Almost every night after that, after school, Lionel came home from football practice with his stomach hurting. Once or twice, the pain was so intense that he couldn’t sleep.

“I decided to drive by and see what the hell kind of a football team that was,” Blackman said. “And there was Lionel, the biggest guy on the team, running around blocking everybody with his stomach.

“So I had to give him one more lesson,” Blackman said.

Within a week, Aldridge was the team’s best player.

The College Years: If he could go back and do it again, Aldridge would doubtless choose a different school. In the early ‘60s, he wasn’t ready for mostly white Utah State, which was in mostly Mormon, mostly white, Logan, Utah.

His high school coach, however, had taken a job there and immediately arranged a scholarship for Aldridge. And there he was, a curiosity symbol in a radically different culture.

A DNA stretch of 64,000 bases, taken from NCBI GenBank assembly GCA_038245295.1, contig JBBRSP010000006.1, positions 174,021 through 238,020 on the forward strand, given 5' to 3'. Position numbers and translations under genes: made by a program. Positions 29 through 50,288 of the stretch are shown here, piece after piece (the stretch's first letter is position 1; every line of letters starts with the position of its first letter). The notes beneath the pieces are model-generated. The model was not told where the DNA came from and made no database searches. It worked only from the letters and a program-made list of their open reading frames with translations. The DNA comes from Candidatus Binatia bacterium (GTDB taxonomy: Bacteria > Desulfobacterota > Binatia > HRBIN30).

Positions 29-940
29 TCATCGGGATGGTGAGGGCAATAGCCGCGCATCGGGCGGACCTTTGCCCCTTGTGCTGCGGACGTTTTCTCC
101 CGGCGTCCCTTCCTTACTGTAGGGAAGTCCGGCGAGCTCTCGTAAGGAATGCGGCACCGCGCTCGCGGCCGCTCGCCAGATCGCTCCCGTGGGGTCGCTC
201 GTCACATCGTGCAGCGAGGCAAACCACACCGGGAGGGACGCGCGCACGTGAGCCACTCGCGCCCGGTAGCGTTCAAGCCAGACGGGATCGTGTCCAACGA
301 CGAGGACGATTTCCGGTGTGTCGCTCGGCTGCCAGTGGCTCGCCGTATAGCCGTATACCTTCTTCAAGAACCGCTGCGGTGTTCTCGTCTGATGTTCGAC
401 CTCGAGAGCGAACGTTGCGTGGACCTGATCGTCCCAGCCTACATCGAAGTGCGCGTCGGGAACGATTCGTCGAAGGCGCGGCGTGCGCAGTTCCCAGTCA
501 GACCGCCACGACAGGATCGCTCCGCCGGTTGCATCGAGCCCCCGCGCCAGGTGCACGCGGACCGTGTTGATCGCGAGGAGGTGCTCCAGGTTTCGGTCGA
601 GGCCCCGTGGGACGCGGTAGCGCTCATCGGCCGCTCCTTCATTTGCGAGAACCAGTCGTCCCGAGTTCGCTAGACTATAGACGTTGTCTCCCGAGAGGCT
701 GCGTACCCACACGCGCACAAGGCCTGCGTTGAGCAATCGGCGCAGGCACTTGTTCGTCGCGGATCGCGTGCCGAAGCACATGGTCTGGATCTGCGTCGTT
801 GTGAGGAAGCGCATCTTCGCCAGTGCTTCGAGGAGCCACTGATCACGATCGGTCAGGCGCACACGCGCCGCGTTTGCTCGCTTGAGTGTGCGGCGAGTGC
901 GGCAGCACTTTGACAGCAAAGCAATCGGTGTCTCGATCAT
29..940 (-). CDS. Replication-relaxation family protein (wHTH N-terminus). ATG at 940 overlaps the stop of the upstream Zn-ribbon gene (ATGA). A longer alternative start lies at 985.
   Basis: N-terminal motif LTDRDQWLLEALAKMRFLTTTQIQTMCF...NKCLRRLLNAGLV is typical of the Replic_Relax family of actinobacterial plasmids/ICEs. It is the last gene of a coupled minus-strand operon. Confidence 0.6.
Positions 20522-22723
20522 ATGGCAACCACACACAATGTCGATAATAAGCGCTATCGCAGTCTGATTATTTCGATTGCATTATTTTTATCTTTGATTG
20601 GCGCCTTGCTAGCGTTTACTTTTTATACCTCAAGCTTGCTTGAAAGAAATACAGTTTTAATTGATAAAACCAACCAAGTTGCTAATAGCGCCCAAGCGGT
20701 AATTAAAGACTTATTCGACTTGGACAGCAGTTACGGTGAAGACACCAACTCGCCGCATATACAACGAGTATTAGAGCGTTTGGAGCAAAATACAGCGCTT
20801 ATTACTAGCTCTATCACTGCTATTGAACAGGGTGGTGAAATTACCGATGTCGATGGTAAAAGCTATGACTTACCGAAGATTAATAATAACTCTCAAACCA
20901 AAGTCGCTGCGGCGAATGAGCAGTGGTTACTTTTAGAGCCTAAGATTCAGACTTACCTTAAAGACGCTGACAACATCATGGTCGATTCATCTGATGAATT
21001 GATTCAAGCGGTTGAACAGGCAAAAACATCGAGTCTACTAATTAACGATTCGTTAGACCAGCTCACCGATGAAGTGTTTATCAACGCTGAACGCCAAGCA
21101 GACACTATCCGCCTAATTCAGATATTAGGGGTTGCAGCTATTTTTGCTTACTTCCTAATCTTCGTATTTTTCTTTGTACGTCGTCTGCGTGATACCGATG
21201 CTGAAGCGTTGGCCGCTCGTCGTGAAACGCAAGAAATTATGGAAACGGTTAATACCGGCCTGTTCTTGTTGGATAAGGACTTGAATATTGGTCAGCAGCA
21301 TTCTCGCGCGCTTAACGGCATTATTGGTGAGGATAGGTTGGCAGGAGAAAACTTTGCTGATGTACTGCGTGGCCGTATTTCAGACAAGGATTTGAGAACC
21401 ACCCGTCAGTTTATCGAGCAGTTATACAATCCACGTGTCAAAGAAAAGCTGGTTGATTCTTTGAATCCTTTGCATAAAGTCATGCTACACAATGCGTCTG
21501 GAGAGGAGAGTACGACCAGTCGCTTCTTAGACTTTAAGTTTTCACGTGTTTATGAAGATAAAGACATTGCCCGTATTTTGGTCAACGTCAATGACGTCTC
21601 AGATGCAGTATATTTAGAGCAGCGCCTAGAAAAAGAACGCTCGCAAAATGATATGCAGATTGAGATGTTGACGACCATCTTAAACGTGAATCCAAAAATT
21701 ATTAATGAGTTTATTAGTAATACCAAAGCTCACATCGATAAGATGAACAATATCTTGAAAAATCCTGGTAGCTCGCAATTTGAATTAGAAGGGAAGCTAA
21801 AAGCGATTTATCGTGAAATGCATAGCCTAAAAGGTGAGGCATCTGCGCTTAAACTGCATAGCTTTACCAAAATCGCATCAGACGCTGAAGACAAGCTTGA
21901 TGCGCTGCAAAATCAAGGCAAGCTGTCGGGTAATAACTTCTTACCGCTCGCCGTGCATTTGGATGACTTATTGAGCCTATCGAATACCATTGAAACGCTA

“Kids saw me coming, they’d say, ‘Here comes the chocolate man,’ ” Aldridge remembers.

More tension. And still more to come.

Hank Stoddard, sports director at WTMJ, one of Wisconsin’s most prominent radio personalities and one of Aldridge’s steadfast friends in Milwaukee, has tried to put himself in Aldridge’s shoes.

“It’s 1960,” Stoddard said. “Who do you date at Utah State? How many colors are there?”

Aldridge first saw her in a sociology class, the sunny, young, white Mormon woman who was to become his wife.

“Our relationship put us under a lot of pressure,” Vicky Aldridge told Milwaukee magazine later, describing the turmoil at Utah State, and the reaction of her parents, who at first refused to speak with her.